If you (and you family) are prepared to take that next step to create greeting-card-ready family portraits, B&H has available numerous lighting and backdrop options, including kits that combine both. At this stage, even pro photographers take advantage of the qualified B&H staffers to help choose which setup is right for their needs. You should feel free to do so as well, be over the phone, in chat or in person at our New York SuperStore.
An example of our portrait-lighting products is the Impact Qualite 300 Focusing Flood Light Kit (120VAC). This kit includes two 300-watt lights, two light stands and two umbrellas. The lights come with bulbs whose beam range runs from 21-40°, safety glass and 4-leaf barndoor sets. They have cool-touch handles and slots for accessories. The air-cushioned light stands and 33” translucent umbrellas to soften and balance the light complete this basic setup, which is not overpowering, but big enough to create shots in which shadows are eliminated and everyone is evenly lit.
The Impact Background Kit with 10 x 12’ Dawn/Deep Sea Blue Reversible Muslin Backdrop is a handy backdrop system that can be used for multiple applications. The support system is 12’ (3.66 m) across and can hold up to 20 lb (9 kg), but the crossbar can be assembled into smaller sections if desired. Ideal for hanging backdrop fabric, it can also hold a roll-paper backdrop up to 11’ wide. It assembles easily and comes with a canvas bag for storage and transport. The reversible muslin backdrop is one piece of 10 x 12’ (3 x 3.66 m) cotton with a two-sided color scheme designed to absorb light and reduce reflections. A rod pocket with five eyelets allows for simple and secure hanging of the backdrop.
The Impact EX100 Ultimate Creative Portrait Kit (120VAC) is a group of products that can transform your family holiday portrait into a special-effects masterpiece. Two 100 watt-second monolights, two 8‘ light stands, two 24 x 24” softboxes and one 43” white umbrella combine for a versatile portrait lighting setup, but what makes this kit special is the 5 x 7’ (1.5 x 2.1 m) Digital Green Screen and accompanying software to create 100 alternate digital backgrounds. The chroma green screen is foldable polyester with grommets, and the software is Photo Key 2 Lite, which is an easy-to-use system that will automatically remove the green background and replace it with one of 100 background scenes. The holidays spent in the warmth of the family home is a beautiful thing, but a photo that looks like you all jetted off to Paris, Pisa or a tropical island is pretty cool, too.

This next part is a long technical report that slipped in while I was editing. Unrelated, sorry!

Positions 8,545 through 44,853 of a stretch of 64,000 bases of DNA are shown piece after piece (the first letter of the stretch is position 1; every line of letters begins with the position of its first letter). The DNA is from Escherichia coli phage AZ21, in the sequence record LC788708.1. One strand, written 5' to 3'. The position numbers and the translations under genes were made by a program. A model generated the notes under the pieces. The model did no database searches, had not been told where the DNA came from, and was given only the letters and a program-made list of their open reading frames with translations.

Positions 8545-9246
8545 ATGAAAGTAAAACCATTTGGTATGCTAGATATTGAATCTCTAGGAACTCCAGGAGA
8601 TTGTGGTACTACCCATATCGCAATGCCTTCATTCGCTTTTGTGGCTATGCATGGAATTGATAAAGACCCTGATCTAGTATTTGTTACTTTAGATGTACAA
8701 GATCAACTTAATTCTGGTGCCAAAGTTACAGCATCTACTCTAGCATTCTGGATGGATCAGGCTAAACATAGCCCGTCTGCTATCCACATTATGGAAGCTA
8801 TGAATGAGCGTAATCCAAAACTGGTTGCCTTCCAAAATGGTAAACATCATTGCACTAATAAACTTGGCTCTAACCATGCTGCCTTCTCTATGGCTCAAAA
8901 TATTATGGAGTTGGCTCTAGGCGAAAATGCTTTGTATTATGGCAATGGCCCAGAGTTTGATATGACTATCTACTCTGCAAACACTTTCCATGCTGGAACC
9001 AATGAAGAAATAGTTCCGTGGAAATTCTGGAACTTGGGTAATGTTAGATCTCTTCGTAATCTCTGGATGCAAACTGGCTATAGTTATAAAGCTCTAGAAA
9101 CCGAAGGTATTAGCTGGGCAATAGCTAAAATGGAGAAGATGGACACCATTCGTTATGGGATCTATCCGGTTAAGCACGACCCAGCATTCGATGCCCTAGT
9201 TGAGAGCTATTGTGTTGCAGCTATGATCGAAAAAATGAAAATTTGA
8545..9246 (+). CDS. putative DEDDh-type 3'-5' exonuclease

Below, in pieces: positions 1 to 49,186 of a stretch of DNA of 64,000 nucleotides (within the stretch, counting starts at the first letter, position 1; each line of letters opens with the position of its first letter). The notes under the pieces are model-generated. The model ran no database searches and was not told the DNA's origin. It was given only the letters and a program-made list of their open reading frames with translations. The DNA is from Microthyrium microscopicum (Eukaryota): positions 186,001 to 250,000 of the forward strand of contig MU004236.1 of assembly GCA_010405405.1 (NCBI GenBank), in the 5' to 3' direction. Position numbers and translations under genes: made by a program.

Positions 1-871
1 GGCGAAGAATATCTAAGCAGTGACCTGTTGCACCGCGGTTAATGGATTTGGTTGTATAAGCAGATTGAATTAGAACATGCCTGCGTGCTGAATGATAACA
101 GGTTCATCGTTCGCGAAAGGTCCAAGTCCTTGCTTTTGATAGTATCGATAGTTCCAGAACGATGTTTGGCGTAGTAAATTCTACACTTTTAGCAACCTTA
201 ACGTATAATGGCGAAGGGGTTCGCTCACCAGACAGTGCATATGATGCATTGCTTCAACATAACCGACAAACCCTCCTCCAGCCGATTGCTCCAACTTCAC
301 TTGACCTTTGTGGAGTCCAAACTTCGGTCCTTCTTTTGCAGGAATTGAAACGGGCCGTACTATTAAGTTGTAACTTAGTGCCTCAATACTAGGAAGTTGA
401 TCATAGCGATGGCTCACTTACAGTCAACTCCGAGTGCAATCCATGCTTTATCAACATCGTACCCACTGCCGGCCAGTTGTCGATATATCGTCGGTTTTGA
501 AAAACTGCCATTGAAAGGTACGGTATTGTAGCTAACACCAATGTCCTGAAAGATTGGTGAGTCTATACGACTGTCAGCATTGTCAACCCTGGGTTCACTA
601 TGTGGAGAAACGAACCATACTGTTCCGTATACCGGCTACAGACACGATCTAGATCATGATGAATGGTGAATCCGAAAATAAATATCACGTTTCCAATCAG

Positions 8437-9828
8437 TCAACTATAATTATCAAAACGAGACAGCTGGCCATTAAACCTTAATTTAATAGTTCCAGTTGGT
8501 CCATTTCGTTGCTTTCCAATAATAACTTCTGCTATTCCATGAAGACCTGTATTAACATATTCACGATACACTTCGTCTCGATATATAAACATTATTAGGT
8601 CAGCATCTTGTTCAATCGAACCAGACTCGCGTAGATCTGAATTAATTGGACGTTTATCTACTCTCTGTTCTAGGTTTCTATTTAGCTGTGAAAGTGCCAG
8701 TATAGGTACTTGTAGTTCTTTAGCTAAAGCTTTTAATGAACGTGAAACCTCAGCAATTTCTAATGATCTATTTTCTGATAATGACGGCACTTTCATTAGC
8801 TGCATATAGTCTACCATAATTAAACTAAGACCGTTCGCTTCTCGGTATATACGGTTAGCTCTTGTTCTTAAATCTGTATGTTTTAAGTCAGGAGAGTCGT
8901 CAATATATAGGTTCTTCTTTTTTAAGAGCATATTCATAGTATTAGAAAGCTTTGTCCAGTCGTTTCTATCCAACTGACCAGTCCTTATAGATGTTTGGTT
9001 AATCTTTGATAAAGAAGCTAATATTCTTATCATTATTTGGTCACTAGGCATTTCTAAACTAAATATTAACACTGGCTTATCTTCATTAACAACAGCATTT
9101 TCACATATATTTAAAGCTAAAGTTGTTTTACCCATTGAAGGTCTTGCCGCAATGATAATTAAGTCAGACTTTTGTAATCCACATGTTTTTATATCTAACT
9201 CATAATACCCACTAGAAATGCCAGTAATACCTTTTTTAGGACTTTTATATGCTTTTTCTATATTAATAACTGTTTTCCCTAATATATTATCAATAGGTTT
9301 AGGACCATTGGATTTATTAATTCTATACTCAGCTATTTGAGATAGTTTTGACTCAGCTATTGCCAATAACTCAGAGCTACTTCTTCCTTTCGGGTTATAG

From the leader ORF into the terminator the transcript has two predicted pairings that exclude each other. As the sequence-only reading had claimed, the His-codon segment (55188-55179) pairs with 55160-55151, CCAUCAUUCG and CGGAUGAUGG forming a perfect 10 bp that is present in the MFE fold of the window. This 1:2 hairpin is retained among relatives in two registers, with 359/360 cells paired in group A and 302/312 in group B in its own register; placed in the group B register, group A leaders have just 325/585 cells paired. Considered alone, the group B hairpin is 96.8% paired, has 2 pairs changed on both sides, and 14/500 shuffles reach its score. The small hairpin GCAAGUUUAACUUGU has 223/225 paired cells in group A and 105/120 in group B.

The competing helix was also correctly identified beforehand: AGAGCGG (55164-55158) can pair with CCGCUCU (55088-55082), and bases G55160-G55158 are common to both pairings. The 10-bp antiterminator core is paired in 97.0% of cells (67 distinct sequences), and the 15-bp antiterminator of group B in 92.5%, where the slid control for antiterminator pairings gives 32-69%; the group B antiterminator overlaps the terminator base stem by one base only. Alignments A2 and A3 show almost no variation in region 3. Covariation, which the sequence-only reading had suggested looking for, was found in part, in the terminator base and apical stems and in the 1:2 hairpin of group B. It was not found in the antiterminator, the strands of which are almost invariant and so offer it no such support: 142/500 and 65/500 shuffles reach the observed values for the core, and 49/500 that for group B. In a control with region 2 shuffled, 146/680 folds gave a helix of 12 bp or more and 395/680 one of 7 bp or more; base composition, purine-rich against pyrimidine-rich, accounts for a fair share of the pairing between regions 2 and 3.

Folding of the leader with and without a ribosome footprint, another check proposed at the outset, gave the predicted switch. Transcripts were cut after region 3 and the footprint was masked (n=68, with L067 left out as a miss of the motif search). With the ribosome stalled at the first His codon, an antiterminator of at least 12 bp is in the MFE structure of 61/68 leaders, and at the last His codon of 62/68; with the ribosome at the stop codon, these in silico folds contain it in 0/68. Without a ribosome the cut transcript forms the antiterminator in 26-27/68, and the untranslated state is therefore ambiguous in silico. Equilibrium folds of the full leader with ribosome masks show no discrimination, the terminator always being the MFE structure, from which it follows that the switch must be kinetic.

Now let’s get back to little Junior and his cousins for a minute. They may not be willing to sit still while you organize the great family portrait, but if you throw one of the Camera Creatures or Shutter Huggers over your camera you just might get them interested long enough to rattle off a few winners, with smiles all around. Camera Creatures come in the form of Outrageous Owl, Look-at-Me Ladybug and Dapper Dog—colorful stuffed animals that fit around your camera’s lens and give the little ones a decoy to distract them (and hopefully smile at) instead of a big ol’ camera setup. They also have a built-in squeaker to get attention when needed. The Shutter Huggers are similar but offer more variations, including a dinosaur, monkey and elf. They will fit on any lens up to 90mm in diameter.
One quick tip when shooting kids (or animals for that matter) is to shoot them from their eye level. You may have to get down on your knees, but the angle will create a nicer, truer portrait and in getting down to their level, it will bring their attention to you in a way that will allow for better interaction—and therefore a better portrait. For getting Uncle Harry to sit still, that’s another story. Perhaps a second glass of wine?